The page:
The Ugandan government’s Ministry of Finance said on Monday that the country is getting ready to borrow $150 million from China’s Export-Import Bank (Exim) to assist in expanding its internet infrastructure.
After the World Bank froze all new loans to Uganda earlier this year in protest of a new anti-homosexuality law, this decision provides more evidence that the East African nation is becoming increasingly dependent on Chinese lenders for cash.
In a post published on X, a social networking site, the Ministry of Finance stated that on Monday, a junior minister of finance and the minister for information requested that MPs approve the debt.
According to the government, the funds are intended “to finance the supply, installation, commissioning, and support of the national data transmission backbone infrastructure.”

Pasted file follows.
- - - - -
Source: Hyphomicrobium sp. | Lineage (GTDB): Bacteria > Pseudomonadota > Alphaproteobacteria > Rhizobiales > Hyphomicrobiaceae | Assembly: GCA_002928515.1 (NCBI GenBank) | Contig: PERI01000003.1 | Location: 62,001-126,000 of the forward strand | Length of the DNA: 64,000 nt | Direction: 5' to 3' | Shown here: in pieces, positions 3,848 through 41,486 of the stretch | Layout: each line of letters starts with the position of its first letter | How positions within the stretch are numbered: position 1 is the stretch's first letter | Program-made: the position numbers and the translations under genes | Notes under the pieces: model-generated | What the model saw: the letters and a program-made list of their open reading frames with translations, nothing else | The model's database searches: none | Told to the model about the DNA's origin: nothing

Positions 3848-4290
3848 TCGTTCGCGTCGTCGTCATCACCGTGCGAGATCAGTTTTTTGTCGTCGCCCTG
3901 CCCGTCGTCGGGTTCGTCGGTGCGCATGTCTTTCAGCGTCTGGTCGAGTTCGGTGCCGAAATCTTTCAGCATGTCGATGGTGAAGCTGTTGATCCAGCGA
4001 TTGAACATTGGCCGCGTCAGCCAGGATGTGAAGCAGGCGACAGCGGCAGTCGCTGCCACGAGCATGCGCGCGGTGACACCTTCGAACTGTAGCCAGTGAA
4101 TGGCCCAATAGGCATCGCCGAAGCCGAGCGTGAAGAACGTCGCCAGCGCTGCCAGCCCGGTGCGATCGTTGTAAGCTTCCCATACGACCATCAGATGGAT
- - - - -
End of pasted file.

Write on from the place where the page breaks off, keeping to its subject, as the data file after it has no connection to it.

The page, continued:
Both the Chinese export credit agency SINOSURE and the Exim Bank are now in discussions with Uganda to get a loan that will be used to finance the building of a pipeline that would assist Uganda in exporting its crude oil to international markets.
Following President Yoweri Museveni’s signing of the Anti-Homosexuality Act, which imposes severe punishments, including the death penalty, for a variety of homosexual behaviors, the World Bank, which has traditionally been Uganda’s largest contributor to the country’s growth, ceased providing loans to Uganda.